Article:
He called the crowd with his disciples, and said to them, “If any want to become my followers, let them deny themselves and take up their cross and follow me. For those who want to save their life will lose it, and those who lose their life for my sake, and for the sake of the gospel, will save it. For what will it profit them to gain the whole world and forfeit their life? Indeed, what can they give in return for their life?
Stories are important. In life we use stories to teach children valuable lessons about what it means to be a person in the world. We are captivated by the narratives portrayed in both books and on the big screen. Stories can make us cry, they can make us laugh, they can take us out of ourselves, and they can teach us who we really are on the inside.
And, for better or worse, we are the stories we tell.
Your story, the one you two share, is a good one, and frankly one that I’ve found myself telling to other people recently. I mean, could it be any cuter to witness the marriage of a couple who met in the 2nd grade? Think about the Lifetime Movie Channel possibilities! Cameron and Victoria sitting across from one another at the table, helping one another with their reading or their spelling, only to now be standing across one another by the altar.
It’s a good story.
A relationship born out of childhood birthday parties in which the possibility of marriage was not even a twinkle in either of your eyes.
But then the story takes a turn, from the connection catalyzed in Featherstone Elementary School (just on the other side of the road from where we stand) to Victoria moving away.
The story then fast forwards to years and years later, in adulthood, when Victoria moved back into the area for family reasons. And what does she do? She takes the initiative and reaches out to the friend from elementary school. Why? Has she had a crush all of these years and she finally wants to bring it to fruition? Have they been sending love letters back and forth over the decade plus? No.
You were just friends, and friends spend time together.
And so you did. You reconnected and started telling each other stories of the lives you had lived in the time in between. You learned each other’s narratives, you discovered common interests, and varied perspectives.
And with more and more time passing, with more stories being told, you two spent enough time together than you started developing your own story. You went places together, you explored new adventures together, and you even went to parties together.
After one such party, or maybe it was before, (the story is debated), you two found yourselves in the car. All alone with your thoughts and your stories, when you, Cameron, inexplicably wondered, out loud, “Victoria, are we going to do this thing or not?”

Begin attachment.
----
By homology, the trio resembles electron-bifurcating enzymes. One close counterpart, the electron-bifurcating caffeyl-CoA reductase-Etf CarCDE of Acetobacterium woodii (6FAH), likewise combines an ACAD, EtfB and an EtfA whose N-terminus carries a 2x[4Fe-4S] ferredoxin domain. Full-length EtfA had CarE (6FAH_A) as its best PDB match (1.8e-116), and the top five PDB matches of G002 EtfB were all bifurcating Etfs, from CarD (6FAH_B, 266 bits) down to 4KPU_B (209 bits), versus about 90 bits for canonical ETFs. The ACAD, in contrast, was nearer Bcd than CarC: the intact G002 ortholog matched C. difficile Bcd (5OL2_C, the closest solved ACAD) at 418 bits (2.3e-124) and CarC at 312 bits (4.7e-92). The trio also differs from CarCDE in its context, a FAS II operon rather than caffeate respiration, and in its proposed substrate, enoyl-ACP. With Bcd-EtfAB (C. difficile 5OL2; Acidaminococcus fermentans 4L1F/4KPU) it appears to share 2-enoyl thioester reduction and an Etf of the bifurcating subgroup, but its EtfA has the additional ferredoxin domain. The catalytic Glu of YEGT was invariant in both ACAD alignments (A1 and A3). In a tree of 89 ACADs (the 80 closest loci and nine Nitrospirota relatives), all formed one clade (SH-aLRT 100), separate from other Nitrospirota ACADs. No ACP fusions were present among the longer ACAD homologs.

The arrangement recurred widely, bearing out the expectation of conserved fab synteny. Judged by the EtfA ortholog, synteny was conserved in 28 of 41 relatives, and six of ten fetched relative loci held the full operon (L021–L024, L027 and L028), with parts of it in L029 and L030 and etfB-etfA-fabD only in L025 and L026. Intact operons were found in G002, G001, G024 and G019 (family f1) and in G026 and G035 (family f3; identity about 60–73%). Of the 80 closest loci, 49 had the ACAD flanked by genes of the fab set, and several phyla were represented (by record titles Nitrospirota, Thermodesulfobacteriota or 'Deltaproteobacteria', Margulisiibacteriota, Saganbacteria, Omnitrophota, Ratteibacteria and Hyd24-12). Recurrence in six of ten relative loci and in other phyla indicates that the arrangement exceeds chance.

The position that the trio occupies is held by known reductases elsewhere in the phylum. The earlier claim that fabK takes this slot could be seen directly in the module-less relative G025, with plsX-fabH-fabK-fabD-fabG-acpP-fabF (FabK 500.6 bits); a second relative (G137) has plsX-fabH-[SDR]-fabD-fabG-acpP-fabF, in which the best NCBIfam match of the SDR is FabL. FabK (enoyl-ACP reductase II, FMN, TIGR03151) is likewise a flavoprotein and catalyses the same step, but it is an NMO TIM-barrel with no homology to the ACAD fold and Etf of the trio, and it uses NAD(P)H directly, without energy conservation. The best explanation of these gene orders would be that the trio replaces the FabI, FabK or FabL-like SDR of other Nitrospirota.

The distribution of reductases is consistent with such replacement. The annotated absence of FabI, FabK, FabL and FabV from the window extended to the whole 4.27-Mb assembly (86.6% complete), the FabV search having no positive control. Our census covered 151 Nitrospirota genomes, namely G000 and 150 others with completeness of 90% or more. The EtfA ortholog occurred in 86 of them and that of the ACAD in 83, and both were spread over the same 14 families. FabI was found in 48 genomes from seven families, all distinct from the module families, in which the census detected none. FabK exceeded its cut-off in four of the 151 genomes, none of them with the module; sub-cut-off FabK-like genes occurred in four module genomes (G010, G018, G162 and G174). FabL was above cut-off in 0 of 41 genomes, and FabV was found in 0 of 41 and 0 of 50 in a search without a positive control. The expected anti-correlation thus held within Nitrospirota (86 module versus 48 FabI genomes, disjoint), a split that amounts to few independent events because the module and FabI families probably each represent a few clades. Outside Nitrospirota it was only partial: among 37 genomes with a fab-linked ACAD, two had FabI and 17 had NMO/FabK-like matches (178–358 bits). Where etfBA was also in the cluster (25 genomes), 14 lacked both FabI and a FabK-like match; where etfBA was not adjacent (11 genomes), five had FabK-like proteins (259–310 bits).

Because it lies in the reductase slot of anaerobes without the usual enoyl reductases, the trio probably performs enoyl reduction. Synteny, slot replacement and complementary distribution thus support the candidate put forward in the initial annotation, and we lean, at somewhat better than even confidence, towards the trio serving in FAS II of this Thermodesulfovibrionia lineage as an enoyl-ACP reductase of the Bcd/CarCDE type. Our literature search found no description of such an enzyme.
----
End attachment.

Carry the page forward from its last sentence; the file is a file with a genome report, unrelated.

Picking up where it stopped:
That’s Cameron’s favorite story to tell. And though Victoria laughs and brushes it off, I think she secretly loves it. Because in that question the whole of you were, are, and will be was held in a moment of clarity. Cameron’s question was so much more than just the words he used…
Are we going to take the only logical steps in this budding relationship in which I am discovering the truth of myself in you?
Are we going to become the people God has called us to be, by being together?
Are we going to be in the relationship everyone already thinks we’re in?
Stories are important, they are at the very heart of who we are and who we can be. But for as much as stories are important, questions are too.
Jesus stood before the crowd including his disciples and he let them know what it would take to follow him, “Let anyone who wishes to follow me deny themselves and take up their cross. For those who want to save their life must lose it, and those who lose their life for my sake, or for the sake of the gospel, will save it.”
You can imagine the sounds of crickets chirping as the countless crowds wonder if they really want to follow this guy. I mean, who the hell wants to lose their life? And then he drops the question, a question filled with all sorts of other questions, a question upon which all of who we were, are, and will be is held in tension: “What will it profit them to gain the whole world and forfeit their life, indeed what can they give in return for their life?”
“Are we going to do this thing, or not?”
Cameron, please hear me when I say this, and please don’t let it go to your perfectly bearded head: Your question for Victoria is the same question placed before everyone who claims to follow Jesus. In that profoundly beautiful, and somewhat funny moment, you laid out all your cards for what would become this moment.
And when Jesus asked his version of your question, it paved the way for what would become the cross and the empty tomb.